Jan. 25, 2013 at 4:11 PM ET
The first shot 13-year-old Owen Groesser ever took in an organized basketball game came on Wednesday, and it landed him on SportsCenter’s “Top 10 Plays’’ the same night.
All season long, Owen, who was born with Down syndrome, had dutifully performed his job as team manager without missing a game or a practice for the Van Hoosen Middle School basketball team in Rochester Hills, Mich., and his coach wanted to reward him.
When the eighth-grader finally got his chance to shine in a game on Wednesday, the crowd went delirious after he swished a 3-pointer on his first attempt. It inspired his excited classmates to make a push on Twitter to get Owen national attention for the shot, and the online campaign resulted in video of his performance making it to SportsCenter hours later.
“The best part about this story is that everybody else wins,’’ Owen’s father, Chris Groesser, told TODAY.com. “It was awesome. It’s still so surreal.’’
A month before the team’s last regular-season home game, head coach Jeff Howell had planned on putting Owen in the game to reward him for all his hard work as manager, which entailed sweeping the gym floor and taking care of the basketballs. Word had spread among the school that the popular teen would get a chance to play, resulting in a packed house.
Owen checked into the game with two minutes left in the first half to the chants of his classmates, and then the team ran “The Owen,’’ a special play that Howell had designed to get him the ball. He took one dribble and launched a 3-pointer, splashing it through the net as the crowd erupted and his teammates jumped up off the bench and mobbed him. He missed his next two shots before burying another 3-pointer on his way to finishing with six points in a 35-26 win over Boulan Park Middle School.
“I have to be honest, my eyes welled up pretty good when he hit that first shot,’’ Howell told TODAY.com. “I tried to be the cool guy and hold it back like a coach should, but it was tough. The place erupted, and I was watching the principal and vice principal just fist-pumping and high-fiving people in the stands.’’
“I wasn’t surprised that he made the shot because we play at home in the driveway and he shoots 3-pointers a lot,’’ Chris Groesser said. “It was just very cool that he got a chance.’’
After Owen’s big moment, his classmates started the hashtag “#GetOwenOnSportsCenter” on Twitter to try to get it to be a "trending" topic, and it worked. That same night, the highlight of Owen’s shot was featured as No. 10 on the show's “Top Plays” segment.
“When I went to bed that night, his play was number 10, and the next morning they are counting down to number one and it’s Owen,’’ his father said. “I was like, ‘Are you kidding me?’ It was incredible.’’
Owen’s moment came close to not even happening at all. The game was originally scheduled for Tuesday, but a miscommunication in which Boulan Park erroneously thought Van Hoosen had cancelled school that day due to weather resulted in the game not happening. Howell said middle school games are rarely rescheduled, but he reached out to the Boulan head coach, his friend Kevin Wilson, and asked if they could play the game on Wednesday. The two worked out the logistics, allowing Owen to have his magical moment after all.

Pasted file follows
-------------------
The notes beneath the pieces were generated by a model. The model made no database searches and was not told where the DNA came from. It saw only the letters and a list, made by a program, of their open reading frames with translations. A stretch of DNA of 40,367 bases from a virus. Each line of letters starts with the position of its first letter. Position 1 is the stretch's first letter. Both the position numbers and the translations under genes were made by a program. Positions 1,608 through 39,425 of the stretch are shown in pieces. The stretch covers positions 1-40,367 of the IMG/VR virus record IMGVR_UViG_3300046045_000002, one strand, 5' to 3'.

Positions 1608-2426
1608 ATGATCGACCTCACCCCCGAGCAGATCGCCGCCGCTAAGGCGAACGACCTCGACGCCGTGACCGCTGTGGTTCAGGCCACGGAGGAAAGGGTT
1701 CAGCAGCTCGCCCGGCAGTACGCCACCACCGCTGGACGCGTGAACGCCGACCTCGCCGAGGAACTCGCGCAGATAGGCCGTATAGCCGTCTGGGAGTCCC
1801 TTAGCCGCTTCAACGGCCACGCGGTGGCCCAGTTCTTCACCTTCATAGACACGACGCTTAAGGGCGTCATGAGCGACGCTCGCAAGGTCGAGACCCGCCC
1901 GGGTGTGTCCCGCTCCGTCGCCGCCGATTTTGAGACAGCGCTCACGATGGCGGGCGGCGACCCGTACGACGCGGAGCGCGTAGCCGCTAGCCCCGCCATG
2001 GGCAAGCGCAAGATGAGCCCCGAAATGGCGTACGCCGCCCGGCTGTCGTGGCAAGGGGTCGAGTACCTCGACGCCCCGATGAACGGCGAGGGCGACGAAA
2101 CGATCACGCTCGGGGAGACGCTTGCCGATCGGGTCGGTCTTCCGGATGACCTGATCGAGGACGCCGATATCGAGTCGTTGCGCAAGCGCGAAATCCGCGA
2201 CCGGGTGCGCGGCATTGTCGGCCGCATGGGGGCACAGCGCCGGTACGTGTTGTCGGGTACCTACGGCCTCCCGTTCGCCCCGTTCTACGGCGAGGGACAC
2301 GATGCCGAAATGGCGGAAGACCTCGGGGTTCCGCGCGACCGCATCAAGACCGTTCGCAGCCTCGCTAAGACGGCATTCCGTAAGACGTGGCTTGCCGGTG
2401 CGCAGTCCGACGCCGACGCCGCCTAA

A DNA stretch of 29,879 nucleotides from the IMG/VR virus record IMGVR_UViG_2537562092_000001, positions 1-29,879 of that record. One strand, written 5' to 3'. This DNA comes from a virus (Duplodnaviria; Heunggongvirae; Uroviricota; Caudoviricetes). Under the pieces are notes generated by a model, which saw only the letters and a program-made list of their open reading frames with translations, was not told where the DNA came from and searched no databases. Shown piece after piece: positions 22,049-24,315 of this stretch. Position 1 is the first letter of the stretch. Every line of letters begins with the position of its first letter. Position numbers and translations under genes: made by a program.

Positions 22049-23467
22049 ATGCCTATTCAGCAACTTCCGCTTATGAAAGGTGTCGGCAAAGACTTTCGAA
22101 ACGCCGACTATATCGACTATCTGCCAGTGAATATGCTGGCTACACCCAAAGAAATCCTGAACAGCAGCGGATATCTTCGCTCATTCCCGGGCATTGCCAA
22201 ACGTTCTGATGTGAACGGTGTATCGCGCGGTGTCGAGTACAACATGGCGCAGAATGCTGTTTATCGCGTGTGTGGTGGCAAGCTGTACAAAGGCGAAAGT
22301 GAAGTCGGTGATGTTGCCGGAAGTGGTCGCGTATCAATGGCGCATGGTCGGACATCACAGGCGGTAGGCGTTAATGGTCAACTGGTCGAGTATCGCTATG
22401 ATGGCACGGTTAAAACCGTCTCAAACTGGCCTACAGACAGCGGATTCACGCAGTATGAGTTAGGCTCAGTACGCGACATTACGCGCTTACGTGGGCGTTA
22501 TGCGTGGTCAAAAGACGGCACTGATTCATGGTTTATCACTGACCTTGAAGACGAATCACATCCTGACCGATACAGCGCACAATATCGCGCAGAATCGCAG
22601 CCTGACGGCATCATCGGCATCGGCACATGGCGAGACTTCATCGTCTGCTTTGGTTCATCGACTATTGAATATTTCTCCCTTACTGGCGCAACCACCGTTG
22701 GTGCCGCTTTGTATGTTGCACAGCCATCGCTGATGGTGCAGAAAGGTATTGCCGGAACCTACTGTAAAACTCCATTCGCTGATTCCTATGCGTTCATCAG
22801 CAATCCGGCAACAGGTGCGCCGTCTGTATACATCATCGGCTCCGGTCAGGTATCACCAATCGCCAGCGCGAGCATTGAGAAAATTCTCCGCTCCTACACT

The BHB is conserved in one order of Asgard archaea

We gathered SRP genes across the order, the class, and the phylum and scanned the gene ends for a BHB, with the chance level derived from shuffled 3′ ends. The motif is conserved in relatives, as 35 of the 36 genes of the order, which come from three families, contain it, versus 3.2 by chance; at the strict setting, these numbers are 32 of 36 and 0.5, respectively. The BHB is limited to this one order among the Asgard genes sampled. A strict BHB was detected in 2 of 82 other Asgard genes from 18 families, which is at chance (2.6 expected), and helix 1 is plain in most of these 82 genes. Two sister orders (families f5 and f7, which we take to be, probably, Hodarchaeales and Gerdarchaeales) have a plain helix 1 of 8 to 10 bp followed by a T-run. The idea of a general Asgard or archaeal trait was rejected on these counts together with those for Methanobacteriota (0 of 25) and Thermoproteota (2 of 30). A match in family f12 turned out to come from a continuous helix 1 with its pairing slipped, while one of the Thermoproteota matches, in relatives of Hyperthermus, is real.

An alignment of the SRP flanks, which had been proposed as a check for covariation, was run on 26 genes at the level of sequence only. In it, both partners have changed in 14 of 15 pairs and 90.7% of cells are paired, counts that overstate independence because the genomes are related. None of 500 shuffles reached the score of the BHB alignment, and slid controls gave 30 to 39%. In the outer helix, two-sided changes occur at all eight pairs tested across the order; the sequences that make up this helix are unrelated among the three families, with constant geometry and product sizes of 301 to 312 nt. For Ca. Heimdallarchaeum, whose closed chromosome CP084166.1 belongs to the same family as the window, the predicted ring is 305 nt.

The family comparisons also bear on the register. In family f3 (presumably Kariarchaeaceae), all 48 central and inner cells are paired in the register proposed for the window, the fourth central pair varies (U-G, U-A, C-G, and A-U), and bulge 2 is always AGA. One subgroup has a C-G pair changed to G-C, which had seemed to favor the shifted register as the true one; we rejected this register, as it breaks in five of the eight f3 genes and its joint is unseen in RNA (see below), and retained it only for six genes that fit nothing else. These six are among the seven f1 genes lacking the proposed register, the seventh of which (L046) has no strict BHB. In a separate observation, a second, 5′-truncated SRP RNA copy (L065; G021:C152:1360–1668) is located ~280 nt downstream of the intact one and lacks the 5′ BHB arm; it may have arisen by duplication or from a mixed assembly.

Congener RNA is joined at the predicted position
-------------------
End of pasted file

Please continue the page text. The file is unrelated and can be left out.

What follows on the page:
“In all my years here, we’ve never made up a middle school game,’’ Howell said. “I don’t know if it was fate or destiny or what.”
The days since have been a whirlwind for Owen and his family. In addition to several local television appearances and an interview on SportsCenter, the Harlem Globetrotters appeared at an assembly at Owen's school to present him with a certificate and invite him to a game, and the Detroit Pistons also invited him and his family to a game.
On Thursday, Owen — who also competes on the school’s football and wrestling teams — took the court again, scoring four points in a championship game against rival Reuther Middle School just a day after his heroics made national headlines. The game was played in the larger gym at nearby Rochester High School, packed with a capacity crowd eager to see Owen in action.
“That game was also incredible,’’ his father said. “He made the last bucket near the end, and he was mobbed by players from both teams and the kids and cheerleaders who were there to play a game after that. That court looked like when a college team wins a national championship. He was signing autographs, all the girls wanted pictures with him, and people were giving him basketballs to sign. It was unbelievable.’’
“I would never imagine it would have gotten this big,’’ Howell said. “He's such a great kid that everybody is so happy to see him have success. He’s always high-fiving everyone else when they make baskets, and now this time everyone else showed him the attention.’’